Price Inventory for Appropriate Gross Profits

When it comes to gross profit, at the conventional retail lot everyone tries to hit a home run on every deal. In the dealer-controlled finance (DCF) business, hitting doubles is your goal because gross profit must be viewed in a broader prospective in the DCF business than it is in the retail business. In retail sales, gross profit is a point-of-purchase event, and there is one risk factor associated with gross profit: not having enough of it.

In the DCF business, gross profit is a long-term event, and there are two risk factors associated with it: not having enough and having too much. The “not enough” problem occurs when the gross profits are not sufficient to sustain the company at a profitable level. The “too much” problem occurs when the amount of gross profit is offset by the additional collection expense and delinquency losses it causes. There is a point where every dollar of additional gross profit is offset by the loss of one dollar due to higher collection costs, delinquencies, repossessions and charge-offs. Your vehicles should be priced so you can be profitable, but your profits should not affect your delinquency.

The midway point between grosses that are too low and the collection suicide of excessive gross is the gross profit amount that is one dollar short of causing a contract to extend one day beyond the life of the vehicle. Finding this midway point is what we call “hitting doubles.”

To price inventory appropriately, the person responsible for establishing the selling prices of your inventory should drive the vehicle after reconditioning is completed. Without driving a vehicle, it is very difficult to accurately price it and compare it to other units in inventory. Only after driving the vehicle should its price be established. Then, price the vehicle so it earns a rate of return (ROR) between 80 to 150 percent. The expected ROR varies based on the price of inventory you stock at your dealership. Lower-priced inventory tends to be towards the higher end of the ROR spectrum, perhaps even over 150 percent, while higher-priced inventory will have a lower ROR.

The important point is you should establish an ROR policy as a starting place for your pricing strategy based upon the average inventory cost and profit requirements of your dealership. You should then consider such things as mileage, overall mechanical condition, vehicle appearance and the current market for that type of vehicle in order to make the pricing competitive in your area. Of course, the largest component in pricing a vehicle is the gross profit you need or want to earn on each vehicle. However, when considering the amount of gross profit you want to earn, keep in mind the potential domino effect that could be caused by asking for too much.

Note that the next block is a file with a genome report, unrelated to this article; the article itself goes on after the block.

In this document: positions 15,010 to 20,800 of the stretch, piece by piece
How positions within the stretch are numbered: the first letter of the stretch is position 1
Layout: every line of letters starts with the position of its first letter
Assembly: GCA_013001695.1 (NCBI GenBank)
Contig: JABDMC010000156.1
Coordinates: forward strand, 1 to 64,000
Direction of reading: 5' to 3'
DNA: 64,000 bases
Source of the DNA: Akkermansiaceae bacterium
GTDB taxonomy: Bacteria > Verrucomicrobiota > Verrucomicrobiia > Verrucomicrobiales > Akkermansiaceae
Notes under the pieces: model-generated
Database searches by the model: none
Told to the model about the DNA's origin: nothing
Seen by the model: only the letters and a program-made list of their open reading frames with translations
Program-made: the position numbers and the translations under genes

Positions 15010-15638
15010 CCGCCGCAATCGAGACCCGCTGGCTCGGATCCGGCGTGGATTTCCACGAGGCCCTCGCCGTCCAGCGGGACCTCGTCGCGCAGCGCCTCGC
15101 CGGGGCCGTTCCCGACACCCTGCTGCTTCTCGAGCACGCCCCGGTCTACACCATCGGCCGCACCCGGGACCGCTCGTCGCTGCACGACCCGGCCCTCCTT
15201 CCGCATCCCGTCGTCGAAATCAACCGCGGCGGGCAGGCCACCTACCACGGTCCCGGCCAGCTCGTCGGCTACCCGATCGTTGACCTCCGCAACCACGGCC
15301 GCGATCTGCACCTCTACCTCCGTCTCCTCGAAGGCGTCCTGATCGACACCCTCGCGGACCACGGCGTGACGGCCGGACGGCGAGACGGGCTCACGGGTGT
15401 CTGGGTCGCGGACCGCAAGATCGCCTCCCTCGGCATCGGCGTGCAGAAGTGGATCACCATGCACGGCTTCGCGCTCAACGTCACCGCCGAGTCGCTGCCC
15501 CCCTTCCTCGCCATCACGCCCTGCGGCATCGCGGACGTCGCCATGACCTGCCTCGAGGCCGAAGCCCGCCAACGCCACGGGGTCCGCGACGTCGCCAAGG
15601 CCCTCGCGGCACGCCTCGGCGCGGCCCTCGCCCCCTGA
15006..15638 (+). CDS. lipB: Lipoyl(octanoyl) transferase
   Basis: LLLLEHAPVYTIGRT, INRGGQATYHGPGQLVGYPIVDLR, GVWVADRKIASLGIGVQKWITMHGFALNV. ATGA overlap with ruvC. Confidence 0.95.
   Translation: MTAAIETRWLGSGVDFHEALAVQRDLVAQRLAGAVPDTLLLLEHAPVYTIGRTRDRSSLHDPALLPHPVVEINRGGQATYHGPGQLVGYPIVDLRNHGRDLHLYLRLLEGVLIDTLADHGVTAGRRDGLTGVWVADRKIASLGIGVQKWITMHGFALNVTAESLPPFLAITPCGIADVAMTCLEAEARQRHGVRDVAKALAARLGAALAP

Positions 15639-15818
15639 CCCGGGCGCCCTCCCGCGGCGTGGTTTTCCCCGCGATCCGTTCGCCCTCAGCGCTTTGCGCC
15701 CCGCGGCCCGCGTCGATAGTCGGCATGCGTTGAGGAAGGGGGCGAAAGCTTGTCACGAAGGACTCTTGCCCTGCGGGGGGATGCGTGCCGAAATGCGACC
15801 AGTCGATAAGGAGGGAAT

Gross profit that is too high can affect in the organization in a way that is practically irreversible. As gross profit increases, so does the amount financed. Since the customers can only afford a certain range of payments, the only way to compensate for this higher amount financed is to increase the length of the contract. At some point the length of the contract will exceed the life of the vehicle. As the vehicle nears the end of its useful life, it will require more repairs. As the repairs to the vehicle increase, delinquency will also increase, as customers will be forced to use their payment money to keep their vehicles operating.

Think back to the one element of delinquency that is never disputed: if the car stops running, the customer stops paying. If you rewrite accounts to assist customers by moving payments to the ends of loans or adding repair expenses to accounts, you’ll further extend lengths of contracts. To control delinquency in this situation, you may be forced to adopt more aggressive collection techniques.

The next alternative is to accept the higher delinquency and repossession rates as part of doing business with this segment of the market. This can cause you to develop an attitude about this kind of customer, and unfortunately, you may convey that attitude to your employees and customers. Additionally, employees may feel stress from having to be an adversary with every customer who comes in to make a payment, and the customers will begin to feel like you are hammering them for payments and have taken advantage of them. And, when the vehicle is paid off, the customer will not want to do business with your company again.

Avoid all this by pricing your inventory right so that your goal is to hit doubles instead of home runs. You can make a lot of money hitting doubles.

About the author
Alan Mosher

Alan Mosher

Senior Consultant

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